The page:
My squirrel. Well here is what I know. I am not a furierette, so I might be wrong; but as I understand it, Aristasian squirrels' coats grow thicker and bushier all through the winter, and then, when the warm weather starts to come back, they loosen, and eventually they are able to wiggle out of them, and underneath is a sleek new spring coat. So the trick is to find the discarded winter coats, which isn't very hard with squirrels, but with some things, like mink is very hard, because they leave them in all sorts of terribly difficult places in the mountainous regions where they live. And then you need to find such a lot of them, which is why mink is so expensive.
And some one said I should tell you about meat and where that comes from. Well, it comes from eggs, of course. Take lambs, for instance. The blonde ones lay their eggs all over the fields, mostly near hedges or trees. They can't lay eggs unless there are brunette lambs there too, so they are just left in their fields to kiss (or whatever lambs do) and lay eggs - great big eggs with soft shells, not a bit like hens' eggs - but you must have seen them. Well, about nine tenths of these eggs are sterile and can never turn into dear little woolly lambs, and those ones can be cooked in all sorts of ways, and they make the most lovely, tender lamb-meat. Of course, no one ever cooks the fertile eggs because they are relatively rare and much needed for making new fluffy lambs.
Well, I think most animals lay eggs, don't they? I think even people do, except our eggs are more like pretty bubbles that float. That is what I've heard, anyway, but of course I don't know because a blonde is never told things like that until she is married. Even my aunt, who is twenty-eight and unmarried has to go out of the room if the married blondes are talking about that sort of thing (which they don't very often). Brunettes, even youngish ones pretend they know all about it but won't tell us. But I'm quite sure they don't really. Who would tell them? Their brunette mummies? Is it likely?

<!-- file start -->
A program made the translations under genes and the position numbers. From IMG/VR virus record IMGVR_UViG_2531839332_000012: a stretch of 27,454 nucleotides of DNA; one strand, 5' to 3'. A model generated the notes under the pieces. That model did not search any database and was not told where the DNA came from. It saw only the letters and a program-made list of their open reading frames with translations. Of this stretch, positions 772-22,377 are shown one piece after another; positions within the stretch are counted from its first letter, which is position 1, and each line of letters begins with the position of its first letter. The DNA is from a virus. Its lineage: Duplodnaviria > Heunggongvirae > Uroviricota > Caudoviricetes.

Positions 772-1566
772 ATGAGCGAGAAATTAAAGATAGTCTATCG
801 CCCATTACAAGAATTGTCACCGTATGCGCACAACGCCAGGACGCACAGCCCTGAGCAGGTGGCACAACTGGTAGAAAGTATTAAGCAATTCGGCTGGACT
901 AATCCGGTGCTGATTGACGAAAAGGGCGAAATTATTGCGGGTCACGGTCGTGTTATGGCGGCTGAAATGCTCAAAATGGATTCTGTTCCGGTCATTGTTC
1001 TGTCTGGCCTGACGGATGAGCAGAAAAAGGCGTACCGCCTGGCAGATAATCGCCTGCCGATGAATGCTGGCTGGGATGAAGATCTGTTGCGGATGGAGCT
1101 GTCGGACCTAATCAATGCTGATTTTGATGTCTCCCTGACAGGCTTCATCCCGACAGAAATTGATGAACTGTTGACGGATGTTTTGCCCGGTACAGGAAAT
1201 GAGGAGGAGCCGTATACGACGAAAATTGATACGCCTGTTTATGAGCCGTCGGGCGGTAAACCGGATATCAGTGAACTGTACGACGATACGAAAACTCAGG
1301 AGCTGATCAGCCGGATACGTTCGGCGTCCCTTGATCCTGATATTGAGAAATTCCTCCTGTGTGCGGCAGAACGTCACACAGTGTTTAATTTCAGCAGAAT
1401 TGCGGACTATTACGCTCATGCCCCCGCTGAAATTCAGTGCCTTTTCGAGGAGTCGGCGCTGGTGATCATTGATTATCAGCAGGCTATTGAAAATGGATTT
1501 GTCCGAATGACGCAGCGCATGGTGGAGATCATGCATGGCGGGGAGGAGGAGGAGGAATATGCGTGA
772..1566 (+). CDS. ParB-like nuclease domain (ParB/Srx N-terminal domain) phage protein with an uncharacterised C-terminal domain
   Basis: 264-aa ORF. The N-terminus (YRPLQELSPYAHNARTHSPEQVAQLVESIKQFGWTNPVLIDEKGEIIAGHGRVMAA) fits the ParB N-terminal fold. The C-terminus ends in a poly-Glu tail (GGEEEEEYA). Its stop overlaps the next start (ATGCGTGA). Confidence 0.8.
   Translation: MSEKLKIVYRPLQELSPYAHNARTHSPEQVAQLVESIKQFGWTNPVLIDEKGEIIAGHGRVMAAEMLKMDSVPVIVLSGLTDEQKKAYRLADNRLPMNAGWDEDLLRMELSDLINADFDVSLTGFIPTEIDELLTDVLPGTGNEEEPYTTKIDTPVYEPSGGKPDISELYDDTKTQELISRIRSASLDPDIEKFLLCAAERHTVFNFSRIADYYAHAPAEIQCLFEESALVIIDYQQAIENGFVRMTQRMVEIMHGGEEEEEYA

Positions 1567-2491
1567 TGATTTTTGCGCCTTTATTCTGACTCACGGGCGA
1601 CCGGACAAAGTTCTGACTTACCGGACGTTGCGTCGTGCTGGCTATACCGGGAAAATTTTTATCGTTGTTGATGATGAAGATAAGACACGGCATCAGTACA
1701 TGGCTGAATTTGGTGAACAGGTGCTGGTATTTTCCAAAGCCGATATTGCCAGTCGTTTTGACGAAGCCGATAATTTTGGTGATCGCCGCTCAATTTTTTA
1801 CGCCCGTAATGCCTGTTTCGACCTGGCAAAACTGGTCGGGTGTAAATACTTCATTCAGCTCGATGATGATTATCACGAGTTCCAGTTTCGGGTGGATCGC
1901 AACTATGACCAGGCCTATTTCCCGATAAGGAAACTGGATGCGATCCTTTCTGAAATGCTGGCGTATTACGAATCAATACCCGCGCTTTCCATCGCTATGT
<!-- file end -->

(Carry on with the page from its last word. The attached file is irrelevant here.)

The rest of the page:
It is topping to find somepette here of my own age. You see, I am not nineteen yet either. In fact, I'm not even - but I'd better stop in case I get escorted out.
Perhaps you are blonde. I wish I could tell! But listen, I must be fair and warn you that even if you are brunette (and I think you are a lovely brunette if you are), I am not eligible and no one must kiss me. You see, I am in love with Miss Barbara. Now, for goodness' sake don't mention it to any one, because I've told her a teeny little fib and said I'm not. But you see, she is a scholar like me, and of course she can't take me seriously just now, but when I've been to Milchers, I shall be coming back, and she will ask me to marry her. She is going to write lots of wonderful books and I am going to be her research assistant and right hand.
Well, perhaps one or two brunettes can kiss me before then, because a girl ought to know a little of life, oughtn't she? But when I am married I shall never even look at a brunette. When I meet them I shall cast my eyes down like this. Doesn't that look frightfully demure? Is it effective? Of course it will drive brunettes wild to be near a blonde so terribly attractive and so utterly, utterly unattainable. Oh, Mina, isn't that the naughtiest thing to think? And really, it isn't true, because I don't think I've got it at all. Isn't that sad? Should I walk with more of a blonde wiggle, do you think? Or wear more lip-rouge?
Golliwogs, Mina, I think perhaps you are a blonde. I don't think I could talk to a brunette like this! What a pity! I was going to let you buy me a Golden Dragon. They do look delightful. Can I smell yours? Ooh! just the scent makes me quite squiffy. And gosh, they're three shillings! Imagine a drink being three shillings! I suppose that is because it comes all the way from Rayapurh or somewhere.